Three defendants convicted of fraud and identity theft targeting bank and credit union customers | USAO-WDMI
Three Miami residents stole $1,400,000 from hundreds of depositors by posing as security guards to gain access to online accounts.
GREAT RAPIDS, MICHIGAN — US District Judge Paul Maloney today sentenced Cedric Smith to 70 months in prison. His sentence is the latest in a West Michigan federal case charging three residents of Miami, Florida with bank fraud and aggravated identity theft.
In February 2021, a grand jury charged Cedric Smith, Daja Smith, and Devonte Hoskins with stealing the identities of bank and credit union customers and then using that information to commit widespread fraud. Prior to today’s sentencing, Judge Maloney sentenced Daja Smith to five years in prison; Devonte Hoskins received a six-year term.
The fraudulent scheme exploited the online system used by customers of banks and credit unions around the world. Defendants identified a targeted customer’s online account using compromised personal information they purchased from internet hackers. To obtain a client’s confidential password and access to money in the client’s account, the defendants called the client, posing as bank security personnel, and incited the victim to share the unique code that a bank sends to its customers when they need to reset their password. Then the defendants emptied the victim’s account and transferred the money where they could use it for their own purposes. The defendants, operating out of Miami, Florida, targeted victims across the United States in this manner, including clients of United Federal Credit Union in St. Joseph, Michigan. Total losses are estimated at $1,400,000.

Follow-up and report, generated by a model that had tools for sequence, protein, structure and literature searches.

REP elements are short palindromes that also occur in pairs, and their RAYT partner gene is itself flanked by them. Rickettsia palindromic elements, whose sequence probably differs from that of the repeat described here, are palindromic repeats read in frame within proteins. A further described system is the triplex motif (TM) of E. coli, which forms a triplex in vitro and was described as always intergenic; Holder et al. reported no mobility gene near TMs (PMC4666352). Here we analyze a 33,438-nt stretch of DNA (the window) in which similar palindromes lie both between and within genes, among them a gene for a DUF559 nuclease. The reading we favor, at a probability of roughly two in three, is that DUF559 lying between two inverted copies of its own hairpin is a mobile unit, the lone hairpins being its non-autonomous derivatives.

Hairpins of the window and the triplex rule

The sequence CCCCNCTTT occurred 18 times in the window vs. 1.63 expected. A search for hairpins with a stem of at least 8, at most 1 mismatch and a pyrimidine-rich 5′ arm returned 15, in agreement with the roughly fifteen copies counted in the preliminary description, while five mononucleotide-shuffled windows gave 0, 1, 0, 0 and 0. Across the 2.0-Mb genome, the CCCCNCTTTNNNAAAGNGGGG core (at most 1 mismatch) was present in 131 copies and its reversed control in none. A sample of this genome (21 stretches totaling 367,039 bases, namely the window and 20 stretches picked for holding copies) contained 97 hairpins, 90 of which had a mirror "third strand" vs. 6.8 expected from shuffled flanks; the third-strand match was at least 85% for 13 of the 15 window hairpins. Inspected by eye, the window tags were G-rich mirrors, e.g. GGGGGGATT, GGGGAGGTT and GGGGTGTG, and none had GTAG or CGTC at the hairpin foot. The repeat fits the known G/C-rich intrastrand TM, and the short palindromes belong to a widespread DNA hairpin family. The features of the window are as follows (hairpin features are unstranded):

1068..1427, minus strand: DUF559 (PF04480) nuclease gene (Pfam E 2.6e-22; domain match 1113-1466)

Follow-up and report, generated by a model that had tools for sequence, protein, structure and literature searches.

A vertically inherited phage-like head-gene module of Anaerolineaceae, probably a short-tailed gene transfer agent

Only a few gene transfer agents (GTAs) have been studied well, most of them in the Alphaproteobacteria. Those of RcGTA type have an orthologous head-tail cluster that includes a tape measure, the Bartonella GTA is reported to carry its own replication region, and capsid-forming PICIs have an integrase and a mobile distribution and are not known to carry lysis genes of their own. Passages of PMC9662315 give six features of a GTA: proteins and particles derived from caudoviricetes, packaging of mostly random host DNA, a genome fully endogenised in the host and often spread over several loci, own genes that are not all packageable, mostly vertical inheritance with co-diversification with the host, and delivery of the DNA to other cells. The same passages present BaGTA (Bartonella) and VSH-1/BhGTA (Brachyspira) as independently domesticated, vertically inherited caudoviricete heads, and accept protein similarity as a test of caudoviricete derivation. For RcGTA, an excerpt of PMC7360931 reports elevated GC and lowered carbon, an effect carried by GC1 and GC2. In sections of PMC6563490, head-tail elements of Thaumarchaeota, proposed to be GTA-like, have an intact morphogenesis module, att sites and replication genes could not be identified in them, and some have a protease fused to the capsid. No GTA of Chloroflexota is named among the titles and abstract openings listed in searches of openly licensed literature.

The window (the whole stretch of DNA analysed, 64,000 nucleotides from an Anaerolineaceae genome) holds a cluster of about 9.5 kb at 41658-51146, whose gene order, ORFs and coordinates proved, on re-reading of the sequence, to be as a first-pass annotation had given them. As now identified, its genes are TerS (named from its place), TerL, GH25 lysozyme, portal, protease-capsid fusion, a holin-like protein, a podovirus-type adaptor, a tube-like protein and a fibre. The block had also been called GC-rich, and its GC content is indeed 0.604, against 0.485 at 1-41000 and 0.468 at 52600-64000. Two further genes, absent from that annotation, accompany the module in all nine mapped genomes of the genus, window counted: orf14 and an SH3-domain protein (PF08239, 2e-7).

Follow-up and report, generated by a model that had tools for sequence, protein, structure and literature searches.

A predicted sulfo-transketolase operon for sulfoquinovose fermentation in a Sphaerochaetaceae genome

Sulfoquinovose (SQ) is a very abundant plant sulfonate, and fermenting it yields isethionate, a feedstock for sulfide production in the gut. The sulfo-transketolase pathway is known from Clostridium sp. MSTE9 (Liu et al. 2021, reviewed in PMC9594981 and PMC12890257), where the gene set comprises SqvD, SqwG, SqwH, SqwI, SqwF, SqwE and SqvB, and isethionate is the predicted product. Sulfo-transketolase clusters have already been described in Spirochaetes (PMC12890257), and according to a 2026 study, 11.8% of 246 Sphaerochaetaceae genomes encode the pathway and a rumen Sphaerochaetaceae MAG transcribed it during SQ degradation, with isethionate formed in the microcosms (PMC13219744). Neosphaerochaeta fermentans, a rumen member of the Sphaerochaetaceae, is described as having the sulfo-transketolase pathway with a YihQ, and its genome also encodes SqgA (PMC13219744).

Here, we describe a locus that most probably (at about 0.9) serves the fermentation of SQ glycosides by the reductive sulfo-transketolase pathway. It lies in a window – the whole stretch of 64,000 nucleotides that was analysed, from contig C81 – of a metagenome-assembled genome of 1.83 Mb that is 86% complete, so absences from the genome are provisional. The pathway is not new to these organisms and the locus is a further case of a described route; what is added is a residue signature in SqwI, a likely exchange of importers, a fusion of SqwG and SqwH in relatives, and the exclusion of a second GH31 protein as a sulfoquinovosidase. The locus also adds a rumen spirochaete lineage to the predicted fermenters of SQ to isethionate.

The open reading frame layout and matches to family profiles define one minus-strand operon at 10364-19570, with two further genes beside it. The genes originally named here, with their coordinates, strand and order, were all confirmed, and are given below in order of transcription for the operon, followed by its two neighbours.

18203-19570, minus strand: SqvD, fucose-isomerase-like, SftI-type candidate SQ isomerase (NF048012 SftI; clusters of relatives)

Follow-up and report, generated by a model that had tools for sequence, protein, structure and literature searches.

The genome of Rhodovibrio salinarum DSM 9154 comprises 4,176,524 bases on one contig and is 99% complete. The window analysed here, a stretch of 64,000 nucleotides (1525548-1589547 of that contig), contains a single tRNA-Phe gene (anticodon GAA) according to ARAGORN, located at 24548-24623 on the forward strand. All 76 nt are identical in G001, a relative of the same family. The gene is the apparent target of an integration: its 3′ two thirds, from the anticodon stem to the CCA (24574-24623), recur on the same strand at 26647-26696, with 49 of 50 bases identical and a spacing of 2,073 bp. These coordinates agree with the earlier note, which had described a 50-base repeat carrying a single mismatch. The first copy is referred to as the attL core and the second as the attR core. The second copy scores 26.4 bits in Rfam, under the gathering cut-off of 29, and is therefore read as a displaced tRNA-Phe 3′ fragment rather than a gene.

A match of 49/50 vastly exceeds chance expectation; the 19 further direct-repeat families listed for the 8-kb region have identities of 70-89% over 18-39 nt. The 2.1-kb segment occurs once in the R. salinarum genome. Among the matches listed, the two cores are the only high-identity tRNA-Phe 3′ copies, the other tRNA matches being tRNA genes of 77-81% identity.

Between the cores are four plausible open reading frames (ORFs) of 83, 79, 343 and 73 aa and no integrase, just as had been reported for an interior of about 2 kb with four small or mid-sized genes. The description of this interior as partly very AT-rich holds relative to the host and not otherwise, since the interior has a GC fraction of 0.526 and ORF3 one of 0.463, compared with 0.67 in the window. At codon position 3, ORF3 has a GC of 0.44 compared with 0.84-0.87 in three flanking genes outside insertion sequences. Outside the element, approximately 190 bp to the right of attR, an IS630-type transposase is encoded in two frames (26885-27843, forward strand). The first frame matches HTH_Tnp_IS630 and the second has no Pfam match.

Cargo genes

US Attorney Mark Totten said he was satisfied with the convictions and sentences. “Online thieves like these think they’ll never be caught because they can hide on the internet. They’re wrong. We have the tools to identify and track them, even if they’ve committed their crimes hundreds of miles away. And that’s what we’ll do.”
“These defendants may have thought they were beyond the reach of law enforcement because their crimes were committed entirely online,” said FBI Michigan Special Agent in Charge James A. Tarasca. “They were seriously mistaken. The FBI treats these types of financial crimes very seriously and we will use our considerable resources to bring cybercriminals to justice.
This case was investigated by the St. Joseph office of the Federal Bureau of Investigation. The prosecution was led by Assistant United States Attorney Timothy VerHey.